cliché. If you actually get to know them (him/her)…there will be many things deep down that are particular to them (each). That’s what I look for.” Lee Smith, interview in the Citizen-Times
The month of May has been declared as National Short Story Month . . . And Mrs. Darcy and the Blue-Eyed Stranger, a book of new and selected stories by Lee Smith, is a perfect way to celebrate. For me, a satisfying short takes a reader on a journey that lasts for only a short time, but the people one meets and the places one visits linger much, much longer. With that as the criteria, you can sit back and relax with Lee Smith as your literary tour guide.
It's been thirteen years since Smith released a short story collection, and Mrs. Darcy and the Blue-Eyed Stranger (which, by the way, has nothing at all to do with Jane Austen) was surely worth the wait. Smith's dialogue is spot on, and her narrative voice (in first person p-o-v or third) is as strong as her characters and plots. In each story, Smith peels back layers of the human psyche in order to expose the absurdity of people and situations, entertaining her readers while enlightening them along the way.
I've been a fan of Smith's writing since her first novel, The Last Day the Dog Bushes Bloomed, and I've enjoyed and admired her work ever since. With Mrs. Darcy and the Blue-Eyed Stranger, Smith has assembled some of the best stories from her previous collections (Cakewalk, Me and My Baby View the Eclipse, and News of the Spirit), and she's included seven new works. As a whole, the theme of "change" is a thread running through each story. In some instances, change has already been inflicted upon the lives of characters and in other stories, change is about to crest. Smith, a true craftsman of the short form, makes all the right decisions in deciding just where and when to start (and end) each piece. She paints with a full palette to flesh out her smart, quirky characters, and she has an incredible gift for dotting the often sad, bittersweet canvas of life with just the right strokes of humor.
In an interview in Indyweek, Smith recently spoke to that point: "I consider myself a realist; I have always tried to tell the truth as I saw it. Paradoxically, I guess, I have found it easier to do this in fiction than in nonfiction. You can make things up and switch facts around to make your points. But a lot of times, the truth is not pretty—it's hard to bear—I guess that's where the humor comes in. We have to have something to lighten the load a little bit, don't we?"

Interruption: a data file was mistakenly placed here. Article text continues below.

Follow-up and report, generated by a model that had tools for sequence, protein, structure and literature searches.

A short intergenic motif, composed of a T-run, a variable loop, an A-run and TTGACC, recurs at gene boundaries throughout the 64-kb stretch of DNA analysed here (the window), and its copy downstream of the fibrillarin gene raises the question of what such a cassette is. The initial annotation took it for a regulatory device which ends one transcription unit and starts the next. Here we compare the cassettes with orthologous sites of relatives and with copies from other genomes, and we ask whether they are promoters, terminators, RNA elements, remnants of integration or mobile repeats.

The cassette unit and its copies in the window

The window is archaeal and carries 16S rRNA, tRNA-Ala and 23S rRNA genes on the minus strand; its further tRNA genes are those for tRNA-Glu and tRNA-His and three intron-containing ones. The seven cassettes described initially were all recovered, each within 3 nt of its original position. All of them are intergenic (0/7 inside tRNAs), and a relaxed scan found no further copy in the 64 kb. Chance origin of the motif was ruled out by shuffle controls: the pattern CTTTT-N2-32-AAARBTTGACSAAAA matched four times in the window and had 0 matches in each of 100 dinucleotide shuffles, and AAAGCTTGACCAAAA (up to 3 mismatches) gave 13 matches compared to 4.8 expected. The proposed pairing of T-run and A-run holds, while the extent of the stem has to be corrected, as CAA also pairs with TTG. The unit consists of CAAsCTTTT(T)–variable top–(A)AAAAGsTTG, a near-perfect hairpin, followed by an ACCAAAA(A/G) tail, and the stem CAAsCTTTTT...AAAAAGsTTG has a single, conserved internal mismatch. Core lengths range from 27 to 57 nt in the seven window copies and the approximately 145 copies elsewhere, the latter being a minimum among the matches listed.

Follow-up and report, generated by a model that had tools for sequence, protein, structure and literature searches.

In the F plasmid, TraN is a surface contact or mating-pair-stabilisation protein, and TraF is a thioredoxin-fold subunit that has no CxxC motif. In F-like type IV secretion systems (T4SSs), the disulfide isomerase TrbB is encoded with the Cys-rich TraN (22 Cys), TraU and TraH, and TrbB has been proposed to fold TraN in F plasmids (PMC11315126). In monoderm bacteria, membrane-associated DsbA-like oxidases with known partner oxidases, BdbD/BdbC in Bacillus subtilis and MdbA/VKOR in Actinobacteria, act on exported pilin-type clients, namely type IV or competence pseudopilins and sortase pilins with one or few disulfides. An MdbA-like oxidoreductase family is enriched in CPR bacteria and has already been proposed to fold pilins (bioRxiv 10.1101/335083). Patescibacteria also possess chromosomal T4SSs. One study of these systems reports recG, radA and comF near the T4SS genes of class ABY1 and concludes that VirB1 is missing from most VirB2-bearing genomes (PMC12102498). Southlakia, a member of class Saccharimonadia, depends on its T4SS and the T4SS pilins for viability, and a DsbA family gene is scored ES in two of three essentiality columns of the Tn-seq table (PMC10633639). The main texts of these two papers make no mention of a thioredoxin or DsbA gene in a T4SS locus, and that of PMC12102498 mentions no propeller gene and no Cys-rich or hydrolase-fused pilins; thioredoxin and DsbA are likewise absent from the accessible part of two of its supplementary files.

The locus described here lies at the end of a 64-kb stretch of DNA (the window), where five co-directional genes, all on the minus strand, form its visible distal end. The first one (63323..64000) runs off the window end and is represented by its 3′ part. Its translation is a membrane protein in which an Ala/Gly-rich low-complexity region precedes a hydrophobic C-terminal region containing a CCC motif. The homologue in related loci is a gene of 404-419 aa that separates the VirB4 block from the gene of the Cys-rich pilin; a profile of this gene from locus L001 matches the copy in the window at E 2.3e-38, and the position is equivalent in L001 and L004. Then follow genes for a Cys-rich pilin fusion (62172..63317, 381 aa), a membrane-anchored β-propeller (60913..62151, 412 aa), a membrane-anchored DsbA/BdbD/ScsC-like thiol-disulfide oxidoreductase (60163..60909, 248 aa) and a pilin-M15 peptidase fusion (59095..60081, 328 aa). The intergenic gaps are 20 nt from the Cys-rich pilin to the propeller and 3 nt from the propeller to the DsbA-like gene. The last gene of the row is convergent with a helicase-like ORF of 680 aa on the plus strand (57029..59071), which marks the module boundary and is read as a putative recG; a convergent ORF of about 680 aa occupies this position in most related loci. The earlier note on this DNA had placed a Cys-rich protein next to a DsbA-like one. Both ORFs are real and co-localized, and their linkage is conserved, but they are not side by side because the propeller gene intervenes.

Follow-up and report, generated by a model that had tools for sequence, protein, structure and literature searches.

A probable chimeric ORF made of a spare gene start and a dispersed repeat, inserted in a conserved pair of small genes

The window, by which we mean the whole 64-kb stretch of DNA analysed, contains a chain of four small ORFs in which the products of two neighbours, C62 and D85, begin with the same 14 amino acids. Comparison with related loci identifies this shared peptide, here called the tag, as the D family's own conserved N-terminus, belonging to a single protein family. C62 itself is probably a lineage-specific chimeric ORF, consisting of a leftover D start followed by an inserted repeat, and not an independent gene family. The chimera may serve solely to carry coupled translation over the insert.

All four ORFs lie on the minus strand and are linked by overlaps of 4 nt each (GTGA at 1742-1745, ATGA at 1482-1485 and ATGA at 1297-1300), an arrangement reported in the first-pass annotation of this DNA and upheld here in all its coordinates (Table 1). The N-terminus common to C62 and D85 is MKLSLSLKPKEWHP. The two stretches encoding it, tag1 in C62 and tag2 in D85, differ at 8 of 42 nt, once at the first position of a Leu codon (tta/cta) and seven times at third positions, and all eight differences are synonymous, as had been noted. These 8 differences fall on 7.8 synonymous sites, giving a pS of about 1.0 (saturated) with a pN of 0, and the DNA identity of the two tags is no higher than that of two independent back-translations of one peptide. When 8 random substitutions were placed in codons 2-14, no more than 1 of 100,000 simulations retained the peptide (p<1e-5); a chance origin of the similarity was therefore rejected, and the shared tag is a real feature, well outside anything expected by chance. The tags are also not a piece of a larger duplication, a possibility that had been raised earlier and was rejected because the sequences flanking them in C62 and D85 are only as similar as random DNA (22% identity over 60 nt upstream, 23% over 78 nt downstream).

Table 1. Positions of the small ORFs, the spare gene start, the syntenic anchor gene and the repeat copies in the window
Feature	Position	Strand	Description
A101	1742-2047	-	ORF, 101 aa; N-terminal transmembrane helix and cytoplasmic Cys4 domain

Most of the stories in Mrs. Darcy and the Blue-Eyed Stranger focus on women - what it means to be a wife, a mother, a daughter, a lover. In "House Tour," a woman's home is overtaken by a group of boisterous, Red Hat Society matrons who mistake the woman's house for one included on a neighborhood historic house tour. The unpredictable presence of these ladies (they are hilarious!), who push their way into the woman's home and begin to explore the nooks and crannies, ultimately force the protagonist to contemplate a deeper meaning for her own life.
In other stories in the collection, Smith tackles aging ("Happy Memories Club", "Between the Lines"); how some members in families appear to be helpful when they are actually only catering to their own self-interests ("Mrs. Darcy and the Blue-Eyed Stranger"); what makes for a long and enduring marriage (the outstanding, "Stevie and Mama"); coping amid unraveling relationships ("Bob, A Dog"); and the power of love ("Ultima Thule," where a hospital worker makes a love connection with a psych ward patient).
Smith is often characterized as a "regional" writer. But in reading (and savoring) the rich gamut of stories and excellent prose presented in Mrs. Darcy and the Blue-Eyed Stranger, Lee Smith once again proves that her range far exceeds the constraints implied by that label. Small towns and close-knit communities--and the challenges fraught therein--are cornerstones of her fiction (the majority of her stories take place in the south). However, in Smith's world, small moments have the potential to change lives. And such moments of personal clarity and revelation serve to broaden the scope of Smith's stories as they open out into more universal themes found in the larger, broader world.